The Premier League is widely regarded as the best in the world, and it’s an opinion that’s hard to argue with.
With the ridiculous amounts of money floating about in the English top-flight, all clubs have been able to spend big. As a result, some of the best players on the planet, and the best managers, have moved to compete in the league and the quality is generally impressive.
The dominance of Premier League clubs is reflected by the fact they have two clubs in the Champions League semi-finals and two in the last four of the Europa League. A look at the football betting from Space Casino shows that Manchester City are 5/4 favourites to win the big prize. Meanwhile, Manchester United are 1/1 to secure the Europa League. So, the English are expected to rule on the continent this season.
Kevin De Bruyne. Unplayable. #UCL pic.twitter.com/z5UHi7lZ2f
— UEFA Champions League (@ChampionsLeague) April 14, 2021
Despite the positives, there is one major complaint with the Premier League; the atmosphere is desperately lacking at many grounds – and it has been for some time.
A rise in ticket prices and new stadiums have generally taken the game away from the working class. The scenes you see on the terraces in Poland, Argentina and Germany among many other countries, are not replicated in England. It’s a particular issue at the top clubs, where supporters flock from across the globe to watch the star players.
The Black Country a Rare Shining Light
That’s not to say all grounds lack atmosphere though, with Wolverhampton Wanderers one of a few notable exceptions.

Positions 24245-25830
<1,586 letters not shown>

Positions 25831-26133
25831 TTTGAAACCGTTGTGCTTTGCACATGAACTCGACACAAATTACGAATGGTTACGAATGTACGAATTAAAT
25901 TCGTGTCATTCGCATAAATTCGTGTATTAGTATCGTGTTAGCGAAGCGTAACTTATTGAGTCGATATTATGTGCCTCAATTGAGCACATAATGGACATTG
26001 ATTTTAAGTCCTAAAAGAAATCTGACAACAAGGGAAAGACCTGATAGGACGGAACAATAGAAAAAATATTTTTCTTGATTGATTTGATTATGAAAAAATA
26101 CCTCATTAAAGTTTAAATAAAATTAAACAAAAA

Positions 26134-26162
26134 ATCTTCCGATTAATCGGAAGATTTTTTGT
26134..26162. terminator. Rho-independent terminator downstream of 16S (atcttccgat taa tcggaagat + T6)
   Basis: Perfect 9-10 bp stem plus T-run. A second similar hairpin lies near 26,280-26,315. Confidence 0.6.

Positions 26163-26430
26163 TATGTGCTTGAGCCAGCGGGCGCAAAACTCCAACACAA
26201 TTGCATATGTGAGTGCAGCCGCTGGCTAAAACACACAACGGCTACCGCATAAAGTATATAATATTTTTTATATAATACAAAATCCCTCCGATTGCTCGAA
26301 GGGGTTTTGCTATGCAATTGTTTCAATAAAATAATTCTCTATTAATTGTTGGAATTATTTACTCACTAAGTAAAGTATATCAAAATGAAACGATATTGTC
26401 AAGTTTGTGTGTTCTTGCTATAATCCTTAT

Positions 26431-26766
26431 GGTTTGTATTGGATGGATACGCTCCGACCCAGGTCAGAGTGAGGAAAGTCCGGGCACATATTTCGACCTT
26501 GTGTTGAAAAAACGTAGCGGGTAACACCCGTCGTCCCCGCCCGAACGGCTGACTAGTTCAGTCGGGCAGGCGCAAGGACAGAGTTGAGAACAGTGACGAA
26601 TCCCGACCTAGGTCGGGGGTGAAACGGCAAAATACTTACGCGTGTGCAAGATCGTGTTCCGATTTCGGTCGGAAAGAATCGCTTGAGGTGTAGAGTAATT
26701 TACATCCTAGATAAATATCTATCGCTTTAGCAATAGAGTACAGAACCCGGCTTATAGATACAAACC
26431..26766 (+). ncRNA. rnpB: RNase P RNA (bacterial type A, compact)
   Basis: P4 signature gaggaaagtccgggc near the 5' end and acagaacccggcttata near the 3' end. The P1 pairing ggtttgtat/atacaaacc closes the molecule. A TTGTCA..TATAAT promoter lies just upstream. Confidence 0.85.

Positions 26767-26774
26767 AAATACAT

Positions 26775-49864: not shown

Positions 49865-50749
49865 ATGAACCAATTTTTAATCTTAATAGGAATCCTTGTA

Nuno Espirito Santo’s side play at Molineux, a ground that is steeped in history. It was originally built in 1889 and it has seen a lot in that time. Fans have packed the stands to watch memorable European games under floodlights, whilst it has also been almost empty as the club faced liquidation in the fourth division.
Upgrades to the ground in the 90s, in line with most grounds in England, followed but not much has happened since then, except for a new Stan Cullis stand which came in 2012. However, the redevelopment stopped there, meaning most of Molineux hasn’t been improved in around 30 years.
With a capacity of over 32,000, it’s nowhere near the biggest in the Premier League, but the fans behind the goal can create a noise. That’s partly because it’s one of few stands in the league that boasts safe standing facilities. And, with the stand only metres away from the goal, it makes for a very atmospheric and intimidating venue.
Location, Location, Location the Key
Friday night under the Molineux lights 😍
— Wolves (@Wolves) December 21, 2018
When you add in the fact it has a city centre location and is packed full of pubs, there’s a very old-school feel to matchday in Wolverhampton, whether you are a home or away fan.
Some would argue that the ground needs improving to meet the standards of the modern game, and there had been talks that owners Fosun would do that. After all, in the current climate, clubs only seem to care about the revenue that corporate sales bring in.
They have resisted that temptation so far, though, meaning Molineux retains that old charm that has disappeared from far too many venues in the Premier League, for now.